UNH chief touts rising enrollments, private donations

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UNH President Mark Huddleston says the institution continues to thrive. (UNH photo)

DURHAM, N.H. - Previewing a year that will celebrate 150 years of the University of New Hampshire and launch one of the largest fundraising campaign in its history, UNH President Mark Huddleston said the institution continues to thrive during his annual State of the University address. Speaking to a full house in the MUB Granite State Room and to additional community members who watched the live-streamed event from their offices in Durham, Manchester and Concord, he identified five things UNH needs to do for the next 150 years.

"UNH was created in 1866, pursuant to the federal Morrill Land Grant College Act of 1862, to serve the public good--to benefit, in particular, agriculture and "the mechanic arts," as the language of the time had it," said Huddleston. "And 150 years later, in 2016, serving the public good is still our central purpose."

In recognizing the university's success, Huddleston noted that the largest incoming classes ever were accepted to UNH over the last two years, private donations grew nearly 250 percent in five years, new degree programs are meeting demand in emerging fields, and the university continues to tighten its belt, saving $1.5 million last year through more efficient operations.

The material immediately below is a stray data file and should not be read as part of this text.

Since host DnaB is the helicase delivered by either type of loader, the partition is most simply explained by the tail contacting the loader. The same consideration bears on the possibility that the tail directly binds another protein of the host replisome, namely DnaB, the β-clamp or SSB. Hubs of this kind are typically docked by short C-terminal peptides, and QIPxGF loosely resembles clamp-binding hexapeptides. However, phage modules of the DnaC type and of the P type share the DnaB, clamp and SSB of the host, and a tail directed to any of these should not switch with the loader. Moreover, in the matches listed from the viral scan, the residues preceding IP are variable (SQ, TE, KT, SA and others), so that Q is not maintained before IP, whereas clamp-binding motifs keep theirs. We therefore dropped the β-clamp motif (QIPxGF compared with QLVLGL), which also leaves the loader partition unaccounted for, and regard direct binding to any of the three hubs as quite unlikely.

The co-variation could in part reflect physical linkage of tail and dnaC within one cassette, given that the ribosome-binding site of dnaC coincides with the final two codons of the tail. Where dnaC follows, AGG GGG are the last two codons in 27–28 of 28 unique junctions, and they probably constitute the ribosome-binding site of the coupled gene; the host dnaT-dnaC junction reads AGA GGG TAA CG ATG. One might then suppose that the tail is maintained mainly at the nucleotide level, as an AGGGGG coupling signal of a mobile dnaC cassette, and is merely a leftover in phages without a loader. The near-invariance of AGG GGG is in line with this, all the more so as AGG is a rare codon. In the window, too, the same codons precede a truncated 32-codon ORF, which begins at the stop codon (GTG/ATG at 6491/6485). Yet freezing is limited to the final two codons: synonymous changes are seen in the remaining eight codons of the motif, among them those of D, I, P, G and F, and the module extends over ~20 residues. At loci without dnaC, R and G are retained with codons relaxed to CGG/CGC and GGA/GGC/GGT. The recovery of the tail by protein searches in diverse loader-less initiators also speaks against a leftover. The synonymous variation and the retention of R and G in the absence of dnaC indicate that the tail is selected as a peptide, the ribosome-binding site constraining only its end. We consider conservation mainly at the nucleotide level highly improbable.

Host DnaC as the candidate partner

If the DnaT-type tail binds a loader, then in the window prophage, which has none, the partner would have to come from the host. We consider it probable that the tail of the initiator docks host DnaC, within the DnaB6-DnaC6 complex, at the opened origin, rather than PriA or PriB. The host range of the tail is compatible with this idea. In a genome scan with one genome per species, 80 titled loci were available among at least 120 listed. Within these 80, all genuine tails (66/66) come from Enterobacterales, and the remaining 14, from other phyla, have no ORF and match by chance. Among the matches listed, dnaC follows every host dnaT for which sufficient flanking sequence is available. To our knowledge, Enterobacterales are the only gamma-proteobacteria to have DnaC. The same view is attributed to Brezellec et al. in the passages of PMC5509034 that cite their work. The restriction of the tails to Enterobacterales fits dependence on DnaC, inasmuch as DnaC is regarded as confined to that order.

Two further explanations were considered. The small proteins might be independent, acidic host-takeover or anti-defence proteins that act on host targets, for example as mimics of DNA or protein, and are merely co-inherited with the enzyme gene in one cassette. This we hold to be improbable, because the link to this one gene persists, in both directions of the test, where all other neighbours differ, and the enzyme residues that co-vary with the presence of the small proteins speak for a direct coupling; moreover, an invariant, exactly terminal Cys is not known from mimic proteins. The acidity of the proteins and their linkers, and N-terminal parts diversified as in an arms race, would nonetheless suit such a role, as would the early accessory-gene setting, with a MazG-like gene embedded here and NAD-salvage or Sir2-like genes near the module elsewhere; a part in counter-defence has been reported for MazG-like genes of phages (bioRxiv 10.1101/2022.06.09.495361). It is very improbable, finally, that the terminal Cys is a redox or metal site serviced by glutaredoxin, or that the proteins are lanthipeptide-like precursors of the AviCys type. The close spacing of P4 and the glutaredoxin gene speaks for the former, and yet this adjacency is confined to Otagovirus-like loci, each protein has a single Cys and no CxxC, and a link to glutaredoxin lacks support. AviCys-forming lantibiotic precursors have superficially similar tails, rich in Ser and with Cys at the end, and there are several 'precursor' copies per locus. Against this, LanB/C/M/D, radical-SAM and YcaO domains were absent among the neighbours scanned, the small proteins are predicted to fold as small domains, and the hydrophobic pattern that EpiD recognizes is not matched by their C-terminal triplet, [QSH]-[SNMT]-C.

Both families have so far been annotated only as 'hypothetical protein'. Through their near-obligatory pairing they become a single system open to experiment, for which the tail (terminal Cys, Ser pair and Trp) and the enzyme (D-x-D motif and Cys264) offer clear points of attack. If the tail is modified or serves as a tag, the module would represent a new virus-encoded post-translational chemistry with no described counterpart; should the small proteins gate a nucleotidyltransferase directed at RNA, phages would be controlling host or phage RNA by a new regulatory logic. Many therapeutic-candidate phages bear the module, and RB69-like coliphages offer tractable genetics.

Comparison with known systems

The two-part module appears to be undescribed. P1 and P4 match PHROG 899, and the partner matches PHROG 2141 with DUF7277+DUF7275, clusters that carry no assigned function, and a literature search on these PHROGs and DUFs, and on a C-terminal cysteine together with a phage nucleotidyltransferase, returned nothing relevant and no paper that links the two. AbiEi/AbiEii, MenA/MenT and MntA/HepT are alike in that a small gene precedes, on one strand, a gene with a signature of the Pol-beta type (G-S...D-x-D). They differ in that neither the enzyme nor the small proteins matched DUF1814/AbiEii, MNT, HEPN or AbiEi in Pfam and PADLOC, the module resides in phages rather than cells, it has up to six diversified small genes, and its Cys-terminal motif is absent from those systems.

Huddleston cited a need for continued dedication to excellence in research, teaching and outreach while constantly looking for creative ways to be excellent. He also called on the university community to do a better job linking what our students do on our campuses with the lives they lead after they graduate.

"We need to move beyond the sterile and senseless debate about the purpose of college--is it for getting a job or learning for life? The liberal arts or a vocation?--and embrace both with vigor," he said.

In addition to raising more private dollars, the fifth point Huddleston made was that in order to combat the image problem higher education has UNH needs to do a better job telling its story, highlighting not just tuition prices and minimal state support but the impact UNH has across the state and the world.
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